Combined Residents Against Incineration (CRAI) remain steadfast in their resolve against the Poolbeg Incinerator that is currently under construction. In a recent meeting they reiterated their opposition and have outlined plans for fundraising to launch a legal challenge. It is understood that €80,000 is needed at the outset to launch a challenge against the incinerator.
Frances Corr of CRAI remains adamant that the Incinerator has already flouted its licenced position as “it was originally given planning permission with the condition that it was to take Dublin-only waste.” Under CRAI’s calculations there is not enough waste from Dublin and it would need waste from other regions. Dublin has now been subsumed into a new regional waste regulatory area called EASTERN-MIDLANDS REGION. Therefore, it may be argued that the Poolbeg Incinerator will be in breach of its original remit de facto.
In addition, Corr also believes that the new Community Gain Fund (CGF) is not being calculated appropriately. When final planning permission was given to the Poolbeg Incinerator by An Bord Pleanala in 2007, it included a condition that a Community Gain Fund should be established for the local community. This money would be provided by the American operator of the plant, Covanta, who are the parent company of Dublin Waste to Energy Ltd.
“The fund should be equivalent to 3% of the capital costs of the Waste to Energy facility. The plant has been publicised as having a €500 million build price,” says Corr. “In that case €15 million should be made available to the CGF.”
However, Dublin City Council has estimated an initial €10.3m will be made available over the three-year construction phase. From the first year, following commissioning of the plant and thereafter, an annual contribution will be required starting at €1 per tonne of waste burned. This is supposed to rise in accordance with the consumer price index.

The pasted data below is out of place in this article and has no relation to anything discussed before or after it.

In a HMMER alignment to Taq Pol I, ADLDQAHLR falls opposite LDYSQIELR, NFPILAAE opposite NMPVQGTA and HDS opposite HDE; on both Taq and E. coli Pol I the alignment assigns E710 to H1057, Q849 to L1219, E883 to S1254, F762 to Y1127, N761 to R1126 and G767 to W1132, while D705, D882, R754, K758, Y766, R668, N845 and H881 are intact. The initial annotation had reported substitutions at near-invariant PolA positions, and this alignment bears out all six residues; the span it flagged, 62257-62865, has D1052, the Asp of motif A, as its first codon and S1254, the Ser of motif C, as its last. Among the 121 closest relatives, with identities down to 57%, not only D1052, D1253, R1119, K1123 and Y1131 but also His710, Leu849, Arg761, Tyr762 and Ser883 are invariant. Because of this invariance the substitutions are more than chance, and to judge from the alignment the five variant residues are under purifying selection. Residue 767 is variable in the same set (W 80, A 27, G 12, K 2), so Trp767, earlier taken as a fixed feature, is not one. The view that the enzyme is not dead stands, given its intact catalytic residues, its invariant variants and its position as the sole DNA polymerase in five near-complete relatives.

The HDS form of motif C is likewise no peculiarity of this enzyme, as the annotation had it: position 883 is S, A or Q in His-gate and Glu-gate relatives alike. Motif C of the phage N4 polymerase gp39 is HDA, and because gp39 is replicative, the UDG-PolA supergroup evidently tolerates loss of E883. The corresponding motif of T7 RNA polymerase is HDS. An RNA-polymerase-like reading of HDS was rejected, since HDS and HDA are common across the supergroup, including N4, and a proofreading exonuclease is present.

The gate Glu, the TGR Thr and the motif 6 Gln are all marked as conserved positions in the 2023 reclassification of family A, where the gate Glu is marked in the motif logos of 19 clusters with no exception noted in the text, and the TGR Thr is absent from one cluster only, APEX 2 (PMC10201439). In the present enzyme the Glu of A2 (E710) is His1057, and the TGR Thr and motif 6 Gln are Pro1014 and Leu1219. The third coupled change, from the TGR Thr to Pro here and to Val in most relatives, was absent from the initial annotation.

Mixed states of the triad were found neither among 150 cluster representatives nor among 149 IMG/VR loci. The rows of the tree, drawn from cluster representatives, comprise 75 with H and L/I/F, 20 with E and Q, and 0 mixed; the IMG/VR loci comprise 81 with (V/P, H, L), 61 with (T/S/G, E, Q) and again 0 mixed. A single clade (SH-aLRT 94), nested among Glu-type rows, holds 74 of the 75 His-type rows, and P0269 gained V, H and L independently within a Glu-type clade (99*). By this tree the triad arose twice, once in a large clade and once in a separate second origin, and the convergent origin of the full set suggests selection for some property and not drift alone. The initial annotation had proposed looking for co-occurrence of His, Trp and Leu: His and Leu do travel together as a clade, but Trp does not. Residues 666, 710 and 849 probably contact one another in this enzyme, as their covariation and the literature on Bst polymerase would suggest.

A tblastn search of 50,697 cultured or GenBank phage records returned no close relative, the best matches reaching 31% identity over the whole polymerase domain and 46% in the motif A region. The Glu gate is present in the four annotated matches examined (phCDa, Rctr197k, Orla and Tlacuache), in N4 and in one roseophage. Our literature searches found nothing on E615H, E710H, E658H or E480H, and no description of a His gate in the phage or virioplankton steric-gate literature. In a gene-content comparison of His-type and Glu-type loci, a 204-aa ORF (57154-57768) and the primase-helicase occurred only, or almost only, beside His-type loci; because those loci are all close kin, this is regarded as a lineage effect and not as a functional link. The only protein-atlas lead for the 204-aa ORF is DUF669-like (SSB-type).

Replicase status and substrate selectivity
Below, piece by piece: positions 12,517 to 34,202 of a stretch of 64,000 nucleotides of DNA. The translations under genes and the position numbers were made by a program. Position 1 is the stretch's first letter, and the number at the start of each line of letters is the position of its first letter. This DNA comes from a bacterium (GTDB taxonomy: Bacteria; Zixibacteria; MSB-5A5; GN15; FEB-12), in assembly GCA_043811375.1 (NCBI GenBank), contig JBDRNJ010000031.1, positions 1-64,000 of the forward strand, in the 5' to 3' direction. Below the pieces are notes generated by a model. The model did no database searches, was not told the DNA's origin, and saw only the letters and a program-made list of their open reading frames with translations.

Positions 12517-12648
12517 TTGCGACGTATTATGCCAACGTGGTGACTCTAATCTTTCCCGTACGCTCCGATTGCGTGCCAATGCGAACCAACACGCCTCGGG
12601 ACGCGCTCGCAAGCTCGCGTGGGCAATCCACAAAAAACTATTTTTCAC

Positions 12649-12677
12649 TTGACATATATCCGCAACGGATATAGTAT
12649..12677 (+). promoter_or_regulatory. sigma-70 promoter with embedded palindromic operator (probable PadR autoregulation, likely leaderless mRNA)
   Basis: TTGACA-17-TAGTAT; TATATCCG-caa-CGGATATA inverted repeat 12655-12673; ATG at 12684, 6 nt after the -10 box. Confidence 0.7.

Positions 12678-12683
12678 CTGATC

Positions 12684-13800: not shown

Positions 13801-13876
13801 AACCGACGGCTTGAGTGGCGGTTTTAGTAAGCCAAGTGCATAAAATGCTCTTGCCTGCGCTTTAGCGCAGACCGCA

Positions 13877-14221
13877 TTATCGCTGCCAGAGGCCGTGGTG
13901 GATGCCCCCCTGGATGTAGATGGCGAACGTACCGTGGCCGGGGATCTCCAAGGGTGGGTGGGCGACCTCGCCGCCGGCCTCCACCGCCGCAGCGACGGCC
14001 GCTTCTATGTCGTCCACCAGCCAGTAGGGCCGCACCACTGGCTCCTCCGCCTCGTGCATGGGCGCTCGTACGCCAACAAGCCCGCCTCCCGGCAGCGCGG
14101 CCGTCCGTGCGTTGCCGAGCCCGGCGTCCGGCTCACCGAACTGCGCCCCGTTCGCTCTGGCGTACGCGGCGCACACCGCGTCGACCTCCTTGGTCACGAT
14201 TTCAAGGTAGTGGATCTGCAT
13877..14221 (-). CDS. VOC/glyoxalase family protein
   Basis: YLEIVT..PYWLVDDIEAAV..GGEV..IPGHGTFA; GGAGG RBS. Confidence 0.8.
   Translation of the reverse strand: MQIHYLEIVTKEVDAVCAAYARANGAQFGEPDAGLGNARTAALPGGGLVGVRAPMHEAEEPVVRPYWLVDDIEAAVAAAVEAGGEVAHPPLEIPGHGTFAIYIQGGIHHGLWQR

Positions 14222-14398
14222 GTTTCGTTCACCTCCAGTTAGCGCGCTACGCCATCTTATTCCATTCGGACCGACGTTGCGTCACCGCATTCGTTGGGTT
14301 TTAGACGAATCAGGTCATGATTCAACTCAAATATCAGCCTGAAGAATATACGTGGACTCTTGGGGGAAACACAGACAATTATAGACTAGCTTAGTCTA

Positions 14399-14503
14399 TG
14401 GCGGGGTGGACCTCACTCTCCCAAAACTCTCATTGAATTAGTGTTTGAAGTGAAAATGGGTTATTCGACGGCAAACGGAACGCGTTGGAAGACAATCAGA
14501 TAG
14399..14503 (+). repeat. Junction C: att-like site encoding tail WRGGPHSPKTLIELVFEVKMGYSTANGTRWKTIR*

The Poolbeg incinerator is estimated to burn between up to 600,000 tonnes of waste per year. When the plant starts operating, the CGF should theoretically receive a minimum of €600,000 per year. CRAI have called on local groups and councillors to boycott the committee and reception of its funds. The CGF aims to support facilities and services which would be of benefit to the community in the general catchment area.
The fund will be administered by a Community Gain Liaison Committee to liaise between Dublin City Council and the local community. The committee will have 10 members. That includes an independent chairperson, three local community representatives, three elected members of Dublin City Council, two officials of Dublin City Council and one representative from the operators of the waste to energy facility. Interestingly, the independent chairperson shall be nominated exclusively by the Chief Executive of Dublin City Council.
Claire Byrne, Chris Andrews, and Kieran Binchy had put themselves forward as the elected DCC reps for first term; Dermot Lacey, Paddy McCartan, and Frank Kennedy for the second term.
The three local community representatives will comprise of one from eligible community groups in the area to nominate one representative for consideration, another from eligible education/sports/arts/environment/culture groups and one from the business sector. Businesses are invited to submit an application form nominating themselves, or another business in the area.An assessment panel comprising the Chair of the Community Gain Liaison Committee, the Lord Mayor, and the Executive Manager Environment and Transportation Department was established to consider applications and to make a recommendation to the Chief Executive who has the executive power to appoint one representative from each of the above sectors.
Dublin City Council sought applications for the Community Gain Liaison Committee from early March and declared a closing deadline of 31st March 2015. The positions have not been finalised.
By Ferg Hayden